Killer Asian hornets could reach 'alarming' record levels this year, expert warns
8 June 2021, 12:46 | Updated: 8 June 2021, 13:02
Experts have warned that the rise in the number of Asian hornets in Jersey is "slightly alarming" with 63 sightings this year.
Sightings of killer Asian hornets could reach record levels in this year, experts have warned.
As reported by the Mirror, the number of queens spotted on the Channel Island of Jersey is already close to surpassing the highest total observed in a single year.
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To date, a total of 63 queens have been spotted - with 38 seen by members of the public and 25 caught by traps on the island.
The record for highest number of the insect was in 2019, with 69 spotted that year.
The hornets started appearing in Jersey in 2016.
They have the potential to be devastating to the bee population on the island, as one hornet can eat up to 50 bees a day.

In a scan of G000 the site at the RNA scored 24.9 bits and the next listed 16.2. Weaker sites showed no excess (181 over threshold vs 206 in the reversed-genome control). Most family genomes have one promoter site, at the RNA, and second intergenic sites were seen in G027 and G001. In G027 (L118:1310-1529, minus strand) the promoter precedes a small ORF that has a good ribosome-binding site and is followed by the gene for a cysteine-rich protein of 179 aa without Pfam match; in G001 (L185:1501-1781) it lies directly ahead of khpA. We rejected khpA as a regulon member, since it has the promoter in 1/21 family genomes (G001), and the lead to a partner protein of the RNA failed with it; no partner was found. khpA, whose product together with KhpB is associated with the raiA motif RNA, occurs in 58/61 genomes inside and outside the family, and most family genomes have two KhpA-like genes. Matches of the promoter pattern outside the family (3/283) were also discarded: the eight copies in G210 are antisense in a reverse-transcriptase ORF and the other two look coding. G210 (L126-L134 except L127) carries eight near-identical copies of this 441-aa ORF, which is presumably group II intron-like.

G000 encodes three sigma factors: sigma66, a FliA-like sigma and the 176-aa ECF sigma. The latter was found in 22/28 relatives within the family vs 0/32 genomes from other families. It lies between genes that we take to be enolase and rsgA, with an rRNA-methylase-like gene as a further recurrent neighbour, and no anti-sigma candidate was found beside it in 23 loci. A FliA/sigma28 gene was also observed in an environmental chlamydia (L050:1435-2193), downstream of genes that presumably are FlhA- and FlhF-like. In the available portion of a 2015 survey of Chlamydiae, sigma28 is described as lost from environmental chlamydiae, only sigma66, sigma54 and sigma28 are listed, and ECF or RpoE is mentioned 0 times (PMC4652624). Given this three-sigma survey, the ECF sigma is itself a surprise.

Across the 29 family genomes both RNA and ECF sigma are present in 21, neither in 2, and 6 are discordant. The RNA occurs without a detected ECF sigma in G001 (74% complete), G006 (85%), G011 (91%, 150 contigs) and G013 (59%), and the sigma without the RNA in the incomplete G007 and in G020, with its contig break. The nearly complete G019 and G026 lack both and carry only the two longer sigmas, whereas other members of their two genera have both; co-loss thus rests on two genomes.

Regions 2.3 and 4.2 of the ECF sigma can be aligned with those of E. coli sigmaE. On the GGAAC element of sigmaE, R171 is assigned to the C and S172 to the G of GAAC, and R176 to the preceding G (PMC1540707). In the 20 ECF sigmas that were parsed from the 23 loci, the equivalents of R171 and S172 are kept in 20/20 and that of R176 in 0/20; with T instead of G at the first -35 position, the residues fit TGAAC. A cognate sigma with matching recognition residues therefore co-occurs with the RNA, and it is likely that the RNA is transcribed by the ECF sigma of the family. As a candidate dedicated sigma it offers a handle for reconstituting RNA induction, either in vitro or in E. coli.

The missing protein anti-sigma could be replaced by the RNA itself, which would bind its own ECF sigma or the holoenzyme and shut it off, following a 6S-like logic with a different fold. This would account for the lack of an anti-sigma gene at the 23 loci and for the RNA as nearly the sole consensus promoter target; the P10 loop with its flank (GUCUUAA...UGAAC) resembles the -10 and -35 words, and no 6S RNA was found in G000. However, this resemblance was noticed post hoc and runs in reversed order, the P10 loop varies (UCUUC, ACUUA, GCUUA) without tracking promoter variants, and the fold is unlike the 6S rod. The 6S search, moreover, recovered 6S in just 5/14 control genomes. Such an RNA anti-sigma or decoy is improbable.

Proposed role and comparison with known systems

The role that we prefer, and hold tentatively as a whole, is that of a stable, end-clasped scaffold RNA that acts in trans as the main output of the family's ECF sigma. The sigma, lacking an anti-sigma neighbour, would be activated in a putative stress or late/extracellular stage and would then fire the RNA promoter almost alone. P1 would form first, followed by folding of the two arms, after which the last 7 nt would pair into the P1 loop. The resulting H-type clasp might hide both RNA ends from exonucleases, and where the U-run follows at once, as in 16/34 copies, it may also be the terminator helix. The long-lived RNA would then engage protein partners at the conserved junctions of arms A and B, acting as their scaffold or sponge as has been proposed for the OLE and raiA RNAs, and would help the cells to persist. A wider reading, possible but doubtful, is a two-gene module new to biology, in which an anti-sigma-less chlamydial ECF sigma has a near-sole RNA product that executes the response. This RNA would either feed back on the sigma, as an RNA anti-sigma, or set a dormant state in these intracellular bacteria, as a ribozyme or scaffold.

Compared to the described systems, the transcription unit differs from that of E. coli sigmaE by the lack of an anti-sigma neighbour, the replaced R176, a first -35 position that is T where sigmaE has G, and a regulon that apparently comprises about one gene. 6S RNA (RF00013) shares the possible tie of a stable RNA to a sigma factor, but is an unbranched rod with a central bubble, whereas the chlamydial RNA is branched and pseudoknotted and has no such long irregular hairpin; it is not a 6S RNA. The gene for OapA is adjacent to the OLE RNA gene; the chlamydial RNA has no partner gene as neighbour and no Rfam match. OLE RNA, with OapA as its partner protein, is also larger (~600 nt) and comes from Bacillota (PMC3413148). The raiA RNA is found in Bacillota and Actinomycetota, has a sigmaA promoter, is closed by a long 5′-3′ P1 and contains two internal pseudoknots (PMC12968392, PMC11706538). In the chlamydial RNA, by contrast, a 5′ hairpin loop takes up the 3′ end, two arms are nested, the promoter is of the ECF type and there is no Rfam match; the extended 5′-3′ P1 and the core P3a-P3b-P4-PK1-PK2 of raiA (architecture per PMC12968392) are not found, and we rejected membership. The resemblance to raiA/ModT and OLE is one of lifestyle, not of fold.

Alastair Christie, Jersey's Asian hornet co-ordinator, described the figure as "slightly alarming" but has urged the public not to panic.
He said: 'We are on track to surpass 2019 numbers, but trapping in 2019 was minimal and we are also a lot better at it now.
"So with the increase in trapping and the help from the public it stands to reason that we would find more.
"I am hoping that we have caught a greater proportion of the queens this year and that the number of nests won't be as high."
The hornets, which can be lethal to people who are allergic, are recognisable by their darker colour, a yellow/orange band across their lower end, a bright pale-yellow belt at the waist and, yellow lower half legs.
They first arrived in France in 2004 in a shipment of Chinese pottery, and likely made their way to Jersey in produce shipments from France.
There hasn't been any confirmation of the hornets being spotted in the mainland in 2021.
There was a confirmed sighting in Hampshire in 2020, and another in Dorset in 2019.